The Science of Shoveling Snow

[dcwsb inline="true"]

I arrived yesterday in Alaska and traveled up to the North Slope this morning. Today is the first day of fieldwork for our study of how vehicular noise penetrates the snow and ice of a polar bear’s den. Much of our polar bear research revolves around exploring their acoustic ecology. Our interest, and that of our project sponsor, Polar Bears International (PBI), is to develop a better understanding of the impact of industrial and vehicular noise on denning polar bears. Because pregnant polar bears excavate snow dens in some of the same areas that hold much of the Arctic’s petroleum deposits, there is a keen interest to assess the potential impacts of these activities and develop more effective mitigation strategies in the near future.

Part of our field crew has been on the slope for the last six weeks on another PBI-sponsored project that used artificial polar bear dens. We capitalized on this overlap and utilized these same “dens” that PBI had dug out of a large drift several weeks ago. Our job today: dig out the dens, retrieve their instrumentation, and install the microphones that we would be using to record vehicle and aircraft noise.

Now, many folks might be put off at the prospect of spending a day outdoors, in -10 degrees Fahrenheit (-23 degrees Celsius), shoveling snow, but this prospect put a great big smile on my face! In my years of working in the Arctic, the field season always began with several days of “digging out camp,” shoveling snow hour upon hour. Somehow, it is very satisfying work.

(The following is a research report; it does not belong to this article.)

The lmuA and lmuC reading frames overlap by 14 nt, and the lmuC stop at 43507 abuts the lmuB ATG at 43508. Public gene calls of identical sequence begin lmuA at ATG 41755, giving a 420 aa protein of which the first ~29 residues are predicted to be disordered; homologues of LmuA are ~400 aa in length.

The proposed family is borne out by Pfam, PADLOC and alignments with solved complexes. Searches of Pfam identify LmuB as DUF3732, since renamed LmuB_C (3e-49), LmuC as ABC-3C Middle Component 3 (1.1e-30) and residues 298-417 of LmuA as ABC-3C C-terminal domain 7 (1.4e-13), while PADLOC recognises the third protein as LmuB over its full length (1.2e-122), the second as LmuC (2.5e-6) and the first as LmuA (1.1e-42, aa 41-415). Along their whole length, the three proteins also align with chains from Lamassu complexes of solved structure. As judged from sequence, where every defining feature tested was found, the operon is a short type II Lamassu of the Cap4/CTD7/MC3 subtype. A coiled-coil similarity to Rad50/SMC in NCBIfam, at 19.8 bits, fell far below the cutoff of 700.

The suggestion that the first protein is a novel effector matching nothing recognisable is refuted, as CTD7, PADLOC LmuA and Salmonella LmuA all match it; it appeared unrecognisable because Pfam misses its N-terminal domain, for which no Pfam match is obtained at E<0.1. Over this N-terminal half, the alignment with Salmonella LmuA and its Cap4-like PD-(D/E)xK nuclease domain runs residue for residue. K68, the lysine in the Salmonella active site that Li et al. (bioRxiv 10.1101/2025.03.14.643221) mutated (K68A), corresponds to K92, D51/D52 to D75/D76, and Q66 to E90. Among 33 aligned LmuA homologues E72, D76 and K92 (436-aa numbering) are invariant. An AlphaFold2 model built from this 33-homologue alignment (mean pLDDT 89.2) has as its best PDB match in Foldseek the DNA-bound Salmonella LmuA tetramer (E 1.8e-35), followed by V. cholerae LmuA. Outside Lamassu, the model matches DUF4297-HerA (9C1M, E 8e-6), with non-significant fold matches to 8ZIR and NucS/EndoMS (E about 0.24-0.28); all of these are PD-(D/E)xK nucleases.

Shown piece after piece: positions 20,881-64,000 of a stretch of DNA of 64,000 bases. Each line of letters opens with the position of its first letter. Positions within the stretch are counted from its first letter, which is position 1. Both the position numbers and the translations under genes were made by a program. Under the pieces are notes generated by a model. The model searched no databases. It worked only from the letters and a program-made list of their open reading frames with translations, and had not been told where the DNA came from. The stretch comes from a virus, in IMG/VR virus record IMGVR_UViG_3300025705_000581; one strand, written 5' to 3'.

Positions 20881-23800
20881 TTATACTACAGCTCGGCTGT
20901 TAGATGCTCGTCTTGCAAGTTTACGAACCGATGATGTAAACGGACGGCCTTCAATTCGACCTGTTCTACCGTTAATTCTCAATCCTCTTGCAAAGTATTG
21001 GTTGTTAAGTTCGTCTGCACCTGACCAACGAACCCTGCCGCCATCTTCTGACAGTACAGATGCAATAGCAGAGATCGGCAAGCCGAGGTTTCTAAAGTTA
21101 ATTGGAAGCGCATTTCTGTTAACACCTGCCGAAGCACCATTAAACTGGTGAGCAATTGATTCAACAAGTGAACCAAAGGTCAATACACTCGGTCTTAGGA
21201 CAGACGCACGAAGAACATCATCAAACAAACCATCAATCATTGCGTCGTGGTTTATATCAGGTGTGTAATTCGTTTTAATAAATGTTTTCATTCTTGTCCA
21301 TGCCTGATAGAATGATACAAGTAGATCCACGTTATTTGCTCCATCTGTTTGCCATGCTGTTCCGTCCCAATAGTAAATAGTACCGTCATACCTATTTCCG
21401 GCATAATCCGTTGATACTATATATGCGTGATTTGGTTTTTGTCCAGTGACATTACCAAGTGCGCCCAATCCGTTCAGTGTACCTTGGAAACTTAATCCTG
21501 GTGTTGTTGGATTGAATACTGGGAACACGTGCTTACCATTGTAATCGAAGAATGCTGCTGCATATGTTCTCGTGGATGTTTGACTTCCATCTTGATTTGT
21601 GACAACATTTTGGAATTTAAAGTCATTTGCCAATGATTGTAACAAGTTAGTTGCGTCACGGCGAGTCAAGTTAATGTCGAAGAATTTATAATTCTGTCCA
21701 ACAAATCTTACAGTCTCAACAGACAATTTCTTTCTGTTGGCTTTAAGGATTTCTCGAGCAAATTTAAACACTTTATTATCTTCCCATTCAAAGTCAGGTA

And so, our field crew, biologists, and acousticians spent the day shoveling snow and setting up our camp. The snow varies in texture and weight, and the challenge of moving many square feet of it was substantial. Our crew worked late into the evening to get the dens set up right. We scanned for polar bears every hour or so (after all, this is where females with cubs call home), but we only saw an Arctic fox digging into the frozen tundra, looking for a bite to eat. With the study site dens set up right, we covered our dens to prevent more snow accumulation inside and called it a night. Tomorrow morning, we will begin testing our equipment and embark on the experimental trials soon after.

Like most biologists, I embarked on a career in biology because I loved science, but wildlife biology seems to attract a special kind of science enthusiast: the kind that likes to work outside and get dirty! When I began my career doing fieldwork in the Arctic 15+ years ago, I was enthralled by the amazing diversity of wildlife and plants around me. But I think what hooked me was the physicality and practical, common-sense problem solving of so much of the work. I’ll get to indulge this love of mine a lot over the coming weeks!

Megan Owen is a conservation program specialist for the San Diego Zoo’s Institute for Conservation Research. Read her post about the panda hearing study, Su Lin: Hitting the High Notes, and her most recent polar bear post, An Olympic Spotlight for Bears.